Little's own works express his twofold interest in local history and medieval life and thought as a whole. On the one hand is the long series of studies, many of them contributed to the Victoria History of the Counties of England, on Franciscan and other houses of friars in the British Isles, culminating in his Ford's lectures, Studies in English Franciscan History (1917), which he had delivered at Oxford in 1916; on the other hand are the Initia operum Latinorum quae saeculis xiii., xiv., xv. attribuuntur (1904), his edition of Eccleston's Tractatus de adventu Fratrum Minorum in Angliam (1909), his various papers on Roger Bacon, his important paper on the Franciscan school at Oxford (Archivum Franciscanum historicum, 19, 1926), his contributions to the Proceedings of the British Academy, and, most notable of all, the volume prepared in co-operation with his friend Father Franz Pelster SJ, Oxford Theology and Theologians, c. A.D. 1282–1302 (1934). Little—with a profound knowledge of manuscripts at home and abroad, and in close touch with colleagues in England, France, Belgium, and Italy—illuminated in his numerous writings nearly every side of medieval life and thought.

Little was anything but a recluse. He welcomed every opportunity to assist historical movements and to guide the studies of younger scholars. At Cardiff he prepared popular lectures on Welsh history, which grew into a little book, Mediaeval Wales (1902). From Sevenoaks he exerted a quiet and continuous influence which penetrated far. His physique was not robust, but he rode regularly until 1918, and in his youth rode to hounds. He did much to encourage the study of local history and to maintain a knowledge of current historical literature among the members of the Historical Association, over which he presided from 1926 to 1929. He chaired a committee which prepared for the Institute of Historical Research a report on how to edit documents. In Pelster's words, ‘he maintained with vigour the old principle that history is to be founded in facts and not on reveries … He will remain in my mind as a sincere, upright and gifted man of unselfish kindness’ (letter, 9 Dec 1946). Many who knew him well observed in him something of the spirit of St Francis.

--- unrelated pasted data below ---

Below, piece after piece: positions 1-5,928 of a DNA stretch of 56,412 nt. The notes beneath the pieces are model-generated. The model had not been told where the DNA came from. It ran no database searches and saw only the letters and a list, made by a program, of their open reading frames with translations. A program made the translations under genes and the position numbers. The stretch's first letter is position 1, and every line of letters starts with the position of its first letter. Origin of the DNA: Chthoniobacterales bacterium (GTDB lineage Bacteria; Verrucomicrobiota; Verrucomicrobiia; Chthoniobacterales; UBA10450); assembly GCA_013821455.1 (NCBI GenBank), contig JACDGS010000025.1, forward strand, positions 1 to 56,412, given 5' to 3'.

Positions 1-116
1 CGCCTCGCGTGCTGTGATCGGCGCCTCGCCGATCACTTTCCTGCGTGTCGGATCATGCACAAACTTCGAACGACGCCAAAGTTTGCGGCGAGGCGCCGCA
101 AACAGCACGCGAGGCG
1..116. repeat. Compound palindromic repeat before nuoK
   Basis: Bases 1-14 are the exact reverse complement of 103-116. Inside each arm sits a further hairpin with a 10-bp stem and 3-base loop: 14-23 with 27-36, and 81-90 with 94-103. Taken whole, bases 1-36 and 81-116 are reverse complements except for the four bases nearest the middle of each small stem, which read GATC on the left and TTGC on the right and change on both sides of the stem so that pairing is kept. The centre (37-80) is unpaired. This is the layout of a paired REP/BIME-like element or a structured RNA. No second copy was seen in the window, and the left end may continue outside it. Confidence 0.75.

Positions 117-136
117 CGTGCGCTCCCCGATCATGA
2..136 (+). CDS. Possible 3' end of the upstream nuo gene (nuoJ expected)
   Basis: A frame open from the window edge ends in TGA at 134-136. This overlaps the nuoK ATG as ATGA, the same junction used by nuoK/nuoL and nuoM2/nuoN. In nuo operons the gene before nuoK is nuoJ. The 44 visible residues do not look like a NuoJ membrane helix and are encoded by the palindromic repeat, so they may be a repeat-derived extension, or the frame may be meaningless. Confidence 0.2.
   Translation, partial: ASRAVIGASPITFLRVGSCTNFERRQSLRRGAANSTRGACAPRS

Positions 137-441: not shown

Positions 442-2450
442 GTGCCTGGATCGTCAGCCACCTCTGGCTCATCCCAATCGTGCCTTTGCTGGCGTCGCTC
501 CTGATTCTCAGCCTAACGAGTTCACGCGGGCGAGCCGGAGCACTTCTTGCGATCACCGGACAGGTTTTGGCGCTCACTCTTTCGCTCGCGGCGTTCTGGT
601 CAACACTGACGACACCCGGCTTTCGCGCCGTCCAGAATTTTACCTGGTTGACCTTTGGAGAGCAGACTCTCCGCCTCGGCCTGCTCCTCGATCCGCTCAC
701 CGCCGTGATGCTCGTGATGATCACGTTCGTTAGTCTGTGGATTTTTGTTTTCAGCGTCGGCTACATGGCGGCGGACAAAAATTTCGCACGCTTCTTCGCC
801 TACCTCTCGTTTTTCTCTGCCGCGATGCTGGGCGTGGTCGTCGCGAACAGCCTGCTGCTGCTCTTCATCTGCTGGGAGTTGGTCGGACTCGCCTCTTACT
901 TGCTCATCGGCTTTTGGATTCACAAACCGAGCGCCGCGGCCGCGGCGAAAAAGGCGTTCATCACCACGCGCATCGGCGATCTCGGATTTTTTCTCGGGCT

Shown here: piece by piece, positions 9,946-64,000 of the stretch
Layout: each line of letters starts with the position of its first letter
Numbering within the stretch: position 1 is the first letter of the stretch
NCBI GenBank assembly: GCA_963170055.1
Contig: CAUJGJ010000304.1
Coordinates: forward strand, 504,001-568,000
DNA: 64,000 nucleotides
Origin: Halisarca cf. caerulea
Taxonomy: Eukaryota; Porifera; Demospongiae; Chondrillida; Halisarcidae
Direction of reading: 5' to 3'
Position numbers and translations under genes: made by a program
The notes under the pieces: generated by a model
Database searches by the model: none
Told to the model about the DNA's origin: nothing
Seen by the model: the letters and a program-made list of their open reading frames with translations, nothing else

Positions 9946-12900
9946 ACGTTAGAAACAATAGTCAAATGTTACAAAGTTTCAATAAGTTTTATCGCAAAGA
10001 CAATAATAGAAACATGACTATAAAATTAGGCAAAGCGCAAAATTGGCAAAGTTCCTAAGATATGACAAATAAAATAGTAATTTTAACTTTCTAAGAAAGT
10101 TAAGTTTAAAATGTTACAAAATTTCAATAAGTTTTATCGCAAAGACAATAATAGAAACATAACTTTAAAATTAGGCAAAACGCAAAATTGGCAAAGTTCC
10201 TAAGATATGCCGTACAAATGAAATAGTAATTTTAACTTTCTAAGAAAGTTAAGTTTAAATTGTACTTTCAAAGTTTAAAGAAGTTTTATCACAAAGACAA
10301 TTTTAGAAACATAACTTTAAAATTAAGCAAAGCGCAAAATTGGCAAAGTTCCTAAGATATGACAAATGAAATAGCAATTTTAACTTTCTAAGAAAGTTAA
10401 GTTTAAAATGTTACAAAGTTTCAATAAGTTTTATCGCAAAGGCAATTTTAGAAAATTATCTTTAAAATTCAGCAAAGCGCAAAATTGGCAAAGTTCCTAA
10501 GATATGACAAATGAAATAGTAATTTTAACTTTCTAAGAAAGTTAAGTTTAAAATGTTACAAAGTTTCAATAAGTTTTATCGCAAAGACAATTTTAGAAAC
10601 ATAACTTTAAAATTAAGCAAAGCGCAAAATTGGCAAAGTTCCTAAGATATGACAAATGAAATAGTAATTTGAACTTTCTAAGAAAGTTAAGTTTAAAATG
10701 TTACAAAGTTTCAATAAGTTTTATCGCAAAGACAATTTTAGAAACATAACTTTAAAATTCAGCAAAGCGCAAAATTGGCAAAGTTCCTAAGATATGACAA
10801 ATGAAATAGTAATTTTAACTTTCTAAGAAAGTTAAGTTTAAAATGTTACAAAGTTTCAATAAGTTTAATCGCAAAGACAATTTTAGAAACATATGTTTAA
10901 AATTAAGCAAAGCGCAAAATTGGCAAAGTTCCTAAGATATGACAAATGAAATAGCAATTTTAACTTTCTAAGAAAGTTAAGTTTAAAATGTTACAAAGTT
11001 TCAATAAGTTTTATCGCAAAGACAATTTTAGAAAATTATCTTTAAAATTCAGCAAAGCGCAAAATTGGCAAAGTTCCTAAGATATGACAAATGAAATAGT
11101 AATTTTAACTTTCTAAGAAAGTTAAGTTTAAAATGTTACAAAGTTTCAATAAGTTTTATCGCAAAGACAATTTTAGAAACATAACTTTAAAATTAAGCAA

Little was elected a fellow of the British Academy in 1922. He received honorary degrees from the universities of Oxford (1928) and Manchester (1935). He gave his collection of manuscripts to the Bodleian Library and left his interleaved and annotated copy of his Initia operum to the Institute of Historical Research. He died at his home, Risborough, 26 Vine Court Road, Sevenoaks, Kent, on 22 October 1945.

F. M. Powicke, rev. Mark Pottle


F. M. Powicke, ‘Andrew George Little, 1863–1945’, PBA, 31 (1945), 335–56 · J. R. H. Moorman, ‘A. G. Little: Franciscan historian’, Church Quarterly Review, 144 (1947), 17–27 · An address presented to Andrew George Little, with a bibliography of his writings (1938) · The Times (23 Oct 1945) · personal knowledge (1959) · private information (1959) · CGPLA Eng. & Wales (1946)


Bodl. Oxf., notes and collections relating to Franciscans in England · Greyfriars Priory, Oxford, corresp. and notes relating to Franciscans in Britain |  BL, letters to J. P. Gilson, Add. MS 47687


W. Stoneman, photograph, 1923, NPG [see illus.]

Wealth at death  

£36,248 9s. 11d.: probate, 31 Jan 1946, CGPLA Eng. & Wales